Discovery Semiconductors HLPD enables optoelectronic clocks with low phase noise

Discovery Semiconductor is touting the use of its Highly Linear Photodiode (HLPD) technology to create optoelectronic clocks with low phase noise. Such clocks could enable ultra-fast analog-to-digital converters, among other advances, according to sources at the company.

Discovery Semiconductor is touting the use of its Highly Linear Photodiode (HLPD) technology to create optoelectronic clocks with low phase noise. Such clocks could enable ultra-fast analog-to-digital converters, among other advances, according to sources at the company.

The HLPD technology enables phase linearity of less than 5 rad/W, which Discovery Semiconductor claims is a record low. Nonlinear distortions can be further reduced by optimizing the photodiode’s bias, as Discover Semiconductor has done via the HLPD Lab Buddy instrument.

Discovery Semiconductor points to work performed at l’Observatoire de Paris as evidence of how such linearity can be leveraged to minimize the phase noise and timing jitter in optoelectronic systems.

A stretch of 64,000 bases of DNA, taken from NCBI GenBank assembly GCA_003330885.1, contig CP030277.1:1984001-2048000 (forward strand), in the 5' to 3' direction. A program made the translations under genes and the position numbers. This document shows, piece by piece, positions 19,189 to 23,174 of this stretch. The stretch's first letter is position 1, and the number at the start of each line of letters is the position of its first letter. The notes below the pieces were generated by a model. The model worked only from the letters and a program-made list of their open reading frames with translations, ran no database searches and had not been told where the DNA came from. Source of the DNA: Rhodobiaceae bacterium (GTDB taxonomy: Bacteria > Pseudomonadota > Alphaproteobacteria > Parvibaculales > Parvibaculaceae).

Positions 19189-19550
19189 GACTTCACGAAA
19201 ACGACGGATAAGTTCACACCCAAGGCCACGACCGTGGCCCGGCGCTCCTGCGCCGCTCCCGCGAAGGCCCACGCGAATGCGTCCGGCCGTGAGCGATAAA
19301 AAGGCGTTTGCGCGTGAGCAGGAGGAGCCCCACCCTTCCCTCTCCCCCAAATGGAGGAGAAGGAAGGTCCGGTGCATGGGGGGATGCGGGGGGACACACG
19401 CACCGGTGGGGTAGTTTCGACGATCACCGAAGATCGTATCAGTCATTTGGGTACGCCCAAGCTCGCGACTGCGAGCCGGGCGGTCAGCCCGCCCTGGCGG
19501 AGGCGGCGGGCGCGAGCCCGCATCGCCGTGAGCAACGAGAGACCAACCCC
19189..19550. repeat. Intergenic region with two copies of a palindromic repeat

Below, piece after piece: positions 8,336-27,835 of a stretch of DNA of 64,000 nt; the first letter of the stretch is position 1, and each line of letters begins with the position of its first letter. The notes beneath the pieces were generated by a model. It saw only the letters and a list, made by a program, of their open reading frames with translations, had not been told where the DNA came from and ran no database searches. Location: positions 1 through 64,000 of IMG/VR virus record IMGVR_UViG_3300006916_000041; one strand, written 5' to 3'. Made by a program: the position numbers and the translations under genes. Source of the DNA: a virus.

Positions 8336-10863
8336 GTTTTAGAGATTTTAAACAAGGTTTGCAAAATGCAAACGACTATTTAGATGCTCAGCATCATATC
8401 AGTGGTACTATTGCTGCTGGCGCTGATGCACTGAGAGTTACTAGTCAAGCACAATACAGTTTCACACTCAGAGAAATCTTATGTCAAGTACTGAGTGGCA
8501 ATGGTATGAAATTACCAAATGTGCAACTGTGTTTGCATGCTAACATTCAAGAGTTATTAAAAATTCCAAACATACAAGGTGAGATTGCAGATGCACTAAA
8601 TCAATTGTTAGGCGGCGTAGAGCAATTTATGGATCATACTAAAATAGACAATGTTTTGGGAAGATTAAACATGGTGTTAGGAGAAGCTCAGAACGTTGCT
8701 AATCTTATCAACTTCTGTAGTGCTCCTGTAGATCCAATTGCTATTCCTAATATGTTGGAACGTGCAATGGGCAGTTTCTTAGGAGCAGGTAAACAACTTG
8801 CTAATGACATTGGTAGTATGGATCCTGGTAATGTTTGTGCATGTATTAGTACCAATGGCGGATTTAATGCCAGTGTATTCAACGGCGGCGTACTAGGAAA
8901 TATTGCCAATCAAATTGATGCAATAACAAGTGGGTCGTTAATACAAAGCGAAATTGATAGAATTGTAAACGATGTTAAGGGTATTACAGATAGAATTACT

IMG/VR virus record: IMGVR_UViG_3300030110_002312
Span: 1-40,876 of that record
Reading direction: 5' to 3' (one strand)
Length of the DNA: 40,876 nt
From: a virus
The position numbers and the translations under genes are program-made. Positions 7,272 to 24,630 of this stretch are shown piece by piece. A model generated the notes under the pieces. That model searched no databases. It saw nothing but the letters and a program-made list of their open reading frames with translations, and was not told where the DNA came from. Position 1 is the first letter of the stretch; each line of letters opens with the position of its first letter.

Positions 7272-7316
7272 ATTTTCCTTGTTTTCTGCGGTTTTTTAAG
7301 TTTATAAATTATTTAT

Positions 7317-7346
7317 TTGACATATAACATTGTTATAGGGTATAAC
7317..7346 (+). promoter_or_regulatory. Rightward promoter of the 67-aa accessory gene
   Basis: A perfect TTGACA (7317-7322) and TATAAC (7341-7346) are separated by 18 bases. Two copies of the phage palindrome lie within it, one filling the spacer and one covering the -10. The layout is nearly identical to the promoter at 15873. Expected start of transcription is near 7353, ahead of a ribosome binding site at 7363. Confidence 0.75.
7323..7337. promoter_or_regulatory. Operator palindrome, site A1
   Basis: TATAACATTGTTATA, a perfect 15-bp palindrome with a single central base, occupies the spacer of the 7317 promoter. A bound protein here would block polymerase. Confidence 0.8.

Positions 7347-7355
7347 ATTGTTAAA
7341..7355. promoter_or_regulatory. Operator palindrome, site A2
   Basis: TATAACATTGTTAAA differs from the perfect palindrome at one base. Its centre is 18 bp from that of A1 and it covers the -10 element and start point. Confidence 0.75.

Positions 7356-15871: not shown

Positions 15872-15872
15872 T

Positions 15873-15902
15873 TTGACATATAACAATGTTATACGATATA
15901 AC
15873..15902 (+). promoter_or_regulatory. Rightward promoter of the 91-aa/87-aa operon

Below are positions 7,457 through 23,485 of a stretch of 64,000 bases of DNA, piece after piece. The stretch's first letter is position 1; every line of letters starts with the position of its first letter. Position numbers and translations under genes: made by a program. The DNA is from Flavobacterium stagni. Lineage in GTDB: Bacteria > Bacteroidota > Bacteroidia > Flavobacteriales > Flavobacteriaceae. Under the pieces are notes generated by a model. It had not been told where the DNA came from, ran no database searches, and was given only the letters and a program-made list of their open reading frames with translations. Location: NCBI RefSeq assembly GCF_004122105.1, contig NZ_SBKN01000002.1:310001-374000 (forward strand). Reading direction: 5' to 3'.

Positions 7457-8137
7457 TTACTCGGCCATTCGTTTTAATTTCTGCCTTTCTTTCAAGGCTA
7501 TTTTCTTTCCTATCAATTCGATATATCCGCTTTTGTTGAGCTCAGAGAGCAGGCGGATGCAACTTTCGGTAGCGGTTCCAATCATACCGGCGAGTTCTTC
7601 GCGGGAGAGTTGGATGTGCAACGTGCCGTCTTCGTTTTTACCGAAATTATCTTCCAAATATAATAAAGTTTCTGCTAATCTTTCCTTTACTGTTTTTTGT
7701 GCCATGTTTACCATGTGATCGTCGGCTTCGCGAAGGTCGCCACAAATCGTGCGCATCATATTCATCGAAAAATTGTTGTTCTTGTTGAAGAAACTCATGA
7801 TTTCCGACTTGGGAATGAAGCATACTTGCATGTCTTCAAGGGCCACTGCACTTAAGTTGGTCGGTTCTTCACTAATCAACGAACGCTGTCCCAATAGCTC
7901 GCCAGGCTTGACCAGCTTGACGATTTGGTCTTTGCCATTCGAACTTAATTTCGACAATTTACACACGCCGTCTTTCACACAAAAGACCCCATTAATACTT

“We recently used the HLPD Lab Buddy to generate, with femtosecond laser photonic source, 12-GHz microwave signals with a relative phase noise floor of about -155 dBc/Hz. This is thanks to the low shot-noise limit which arises from its high saturation power. This is the lowest noise level demonstrated so far with such a source,” commented scientists at LNE-SYRTE within the l’Observatoire de Paris via a Discovery Semiconductor press release.

The French scientists pointed to the usefulness of the technology in creating microwave sources with ultra-low phase noise for radar, very long baseline interferometry, or remote synchronization of large facilities. However, Dr. Shubo Datta, photonics engineer at Discovery Semiconductors, adds that clocks with low phase noise also can improve the speed of analog-to-digital converters, whose bandwidth and dynamic range have been historically limited by the synchronization issues arising from timing jitter.

Concluded Dr. Datta, “Several other applications of this instrument involve generating signals for high duty cycle with the resulting power dissipation in the photodiode approaching 0.5 W. Consequently, the HLPD Lab Buddy also allows controlling the temperature of the photodiode for the reliable performance in the entire range of its bias. The programmable bias and temperature control features of this instrument are designed to ease its integration into a myriad of laboratory applications, including testing the nonlinear distortions imparted by modulators and optical fibers.”

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